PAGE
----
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Tesco Delivery Price Increase

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  • lib21bylib21by Forumite
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    Or what about a percentage charge instead of  flat rate - that would be fairer -eg 10% would be an additional £1 for every £10 spent ?

    And just to show we are not curmudgeonly ( had to look up the spelling ), an extra 5% to help them get rid of their long-running scribe and put in a better computer system to cope with the percentage calculations AND the slowness of their present system. The 5% to be dropped once they have done this and got a new computer up and running.

  • fabsaverfabsaver Forumite
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    warby68 said:
    Delivery Saver is usually worthwhile - hopefully they will open that up soon. They have only just started charging again for it. I seem to have had mine for free while slots were restricted.
    Delivery saver has opened up to new customers again as of yesterday.
    However the price has increased significantly  :(  It is now a flat rate of £7.99 a month, more than double their old midweek plan which cost £3.49 a month.

    In my area there are loads of available slots, especially after the 3rd August. I can't help thinking they will end up having to reduce the prices of the less popular slots. Maybe this is just a way for them to gauge what the new peak times are, with more people at home more. Armed with that data they might introduce variable pricing again, but with less premium pricing on evenings and weekends.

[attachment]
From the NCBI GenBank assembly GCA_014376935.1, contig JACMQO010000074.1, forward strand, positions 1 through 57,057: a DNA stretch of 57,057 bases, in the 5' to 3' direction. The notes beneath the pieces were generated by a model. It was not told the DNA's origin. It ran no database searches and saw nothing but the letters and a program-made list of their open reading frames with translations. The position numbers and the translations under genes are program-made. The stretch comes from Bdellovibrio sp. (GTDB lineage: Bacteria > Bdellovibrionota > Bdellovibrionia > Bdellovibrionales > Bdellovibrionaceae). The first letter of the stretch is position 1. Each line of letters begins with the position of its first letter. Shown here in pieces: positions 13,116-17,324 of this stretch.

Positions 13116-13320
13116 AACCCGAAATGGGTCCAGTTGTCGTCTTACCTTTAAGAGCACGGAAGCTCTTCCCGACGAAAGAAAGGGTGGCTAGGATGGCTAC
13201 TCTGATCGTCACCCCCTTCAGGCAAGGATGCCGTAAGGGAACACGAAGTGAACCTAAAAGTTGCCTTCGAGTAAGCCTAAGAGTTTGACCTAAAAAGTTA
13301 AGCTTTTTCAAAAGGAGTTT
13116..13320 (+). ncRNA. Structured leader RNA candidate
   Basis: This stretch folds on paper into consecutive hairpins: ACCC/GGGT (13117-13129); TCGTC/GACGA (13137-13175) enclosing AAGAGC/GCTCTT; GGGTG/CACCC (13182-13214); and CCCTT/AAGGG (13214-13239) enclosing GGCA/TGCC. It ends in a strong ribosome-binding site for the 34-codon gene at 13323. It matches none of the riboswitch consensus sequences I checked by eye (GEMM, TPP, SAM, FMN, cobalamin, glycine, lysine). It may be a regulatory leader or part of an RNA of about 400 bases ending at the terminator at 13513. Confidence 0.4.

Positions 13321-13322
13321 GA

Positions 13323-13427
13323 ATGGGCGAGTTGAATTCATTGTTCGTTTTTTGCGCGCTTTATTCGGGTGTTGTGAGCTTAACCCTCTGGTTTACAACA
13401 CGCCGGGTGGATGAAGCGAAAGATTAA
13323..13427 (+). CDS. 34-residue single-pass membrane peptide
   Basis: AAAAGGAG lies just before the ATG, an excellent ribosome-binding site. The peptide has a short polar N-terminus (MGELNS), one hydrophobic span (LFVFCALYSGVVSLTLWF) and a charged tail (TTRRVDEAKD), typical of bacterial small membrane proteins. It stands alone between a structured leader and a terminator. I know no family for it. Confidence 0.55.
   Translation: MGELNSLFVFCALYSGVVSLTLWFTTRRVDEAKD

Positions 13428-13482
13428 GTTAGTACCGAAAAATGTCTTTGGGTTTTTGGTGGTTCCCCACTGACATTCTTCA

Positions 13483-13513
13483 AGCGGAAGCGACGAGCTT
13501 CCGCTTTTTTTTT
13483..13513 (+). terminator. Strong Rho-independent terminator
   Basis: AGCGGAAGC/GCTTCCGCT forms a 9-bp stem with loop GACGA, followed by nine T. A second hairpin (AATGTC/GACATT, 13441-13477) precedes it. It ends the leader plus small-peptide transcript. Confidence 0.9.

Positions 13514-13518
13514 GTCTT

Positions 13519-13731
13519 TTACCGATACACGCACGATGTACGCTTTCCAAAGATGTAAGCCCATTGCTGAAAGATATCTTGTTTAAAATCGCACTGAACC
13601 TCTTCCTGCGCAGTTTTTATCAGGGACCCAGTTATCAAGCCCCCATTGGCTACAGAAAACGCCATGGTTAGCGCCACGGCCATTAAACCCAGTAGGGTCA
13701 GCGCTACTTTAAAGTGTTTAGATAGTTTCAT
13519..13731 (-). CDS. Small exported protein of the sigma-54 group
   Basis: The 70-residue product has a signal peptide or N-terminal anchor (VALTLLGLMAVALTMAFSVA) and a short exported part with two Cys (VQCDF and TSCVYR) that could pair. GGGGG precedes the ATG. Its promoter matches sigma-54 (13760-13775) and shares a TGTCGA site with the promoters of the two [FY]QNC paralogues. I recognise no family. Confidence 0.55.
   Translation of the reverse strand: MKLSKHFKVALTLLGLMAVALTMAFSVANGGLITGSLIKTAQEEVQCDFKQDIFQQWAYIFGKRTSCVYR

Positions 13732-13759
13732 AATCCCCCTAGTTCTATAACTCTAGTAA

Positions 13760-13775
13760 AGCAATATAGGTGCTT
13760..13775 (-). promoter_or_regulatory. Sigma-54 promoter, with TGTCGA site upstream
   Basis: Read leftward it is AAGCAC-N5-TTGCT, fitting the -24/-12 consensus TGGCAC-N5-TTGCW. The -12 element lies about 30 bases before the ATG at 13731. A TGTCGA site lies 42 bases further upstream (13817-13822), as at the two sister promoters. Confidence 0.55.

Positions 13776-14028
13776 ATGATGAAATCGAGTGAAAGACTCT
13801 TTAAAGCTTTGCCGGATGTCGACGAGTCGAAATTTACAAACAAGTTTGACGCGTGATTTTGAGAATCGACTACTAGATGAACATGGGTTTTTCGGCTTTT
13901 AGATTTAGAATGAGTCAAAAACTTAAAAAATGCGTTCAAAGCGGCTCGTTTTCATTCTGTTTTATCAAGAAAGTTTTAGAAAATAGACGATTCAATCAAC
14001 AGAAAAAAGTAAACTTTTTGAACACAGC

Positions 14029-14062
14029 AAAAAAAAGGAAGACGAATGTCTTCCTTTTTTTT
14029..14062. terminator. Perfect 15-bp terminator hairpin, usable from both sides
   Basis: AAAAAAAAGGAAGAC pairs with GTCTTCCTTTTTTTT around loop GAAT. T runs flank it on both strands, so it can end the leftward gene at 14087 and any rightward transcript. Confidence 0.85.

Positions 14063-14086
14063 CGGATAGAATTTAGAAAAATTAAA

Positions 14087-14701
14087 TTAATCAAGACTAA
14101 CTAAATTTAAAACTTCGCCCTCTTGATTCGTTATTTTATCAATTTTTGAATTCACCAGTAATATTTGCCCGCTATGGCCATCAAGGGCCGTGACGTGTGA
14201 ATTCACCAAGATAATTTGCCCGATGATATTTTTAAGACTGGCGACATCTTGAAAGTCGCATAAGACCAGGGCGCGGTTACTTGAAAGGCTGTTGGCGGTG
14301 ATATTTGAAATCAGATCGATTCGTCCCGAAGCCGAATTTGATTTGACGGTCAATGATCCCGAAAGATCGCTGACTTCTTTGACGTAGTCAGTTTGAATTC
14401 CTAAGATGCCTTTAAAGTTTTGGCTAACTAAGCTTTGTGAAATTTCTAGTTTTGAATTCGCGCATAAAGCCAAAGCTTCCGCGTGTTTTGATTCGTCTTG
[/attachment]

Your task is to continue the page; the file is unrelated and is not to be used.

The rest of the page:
• BacmanBacman Forumite
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    I often used to see supermarket staff stuffing bags with items for online deliveries; they don't do a person's at a time, they do several and different staff do different sections (presumably as more efficient). Given the speed of these staff it doesn't take long to do a person's delivery items when you divide their total time by the amount of customers' items they did; and delivery drivers do a lot of stops in a day, over I would imagine a fairly small territory per delivery van (a bit like couriers like MyHermes who earn about 80p a parcel for their car, petrol and time costs). So, the cost we pay as customers is not likely to be too different to what a supermarket charges overall; they do however get the benefit of a larger market share.

    Supermarkets are not charities, far from it, they take about half the cost of a sold item for their costs and profits. They do online deliveries because they charge enough to warrant it; which is probably why Lidl don't do home deliveries and yet are expanding, as their prices tend to be cheaper than supermarkets. Tesco are a gigantic company with massive profits, so clearly they do home deliveries to maintain their market share and profits too, as it is worth them doing it. If people used home deliveries less, then they would dispose of van delivery personnel and some staff who do the shopping; so actually we are keeping them employed.
  • pumpkin89pumpkin89 Forumite
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    Bacman said:
    Supermarkets are not charities, far from it, they take about half the cost of a sold item for their costs and profits.
    Almost all of it is costs.  For example Tesco's profit last year was only 2.4% of their sales.  Hardly "massive profits".
    [From their annual report https://www.tescoplc.com/investors/reports-results-and-presentations/annual-report-2020/]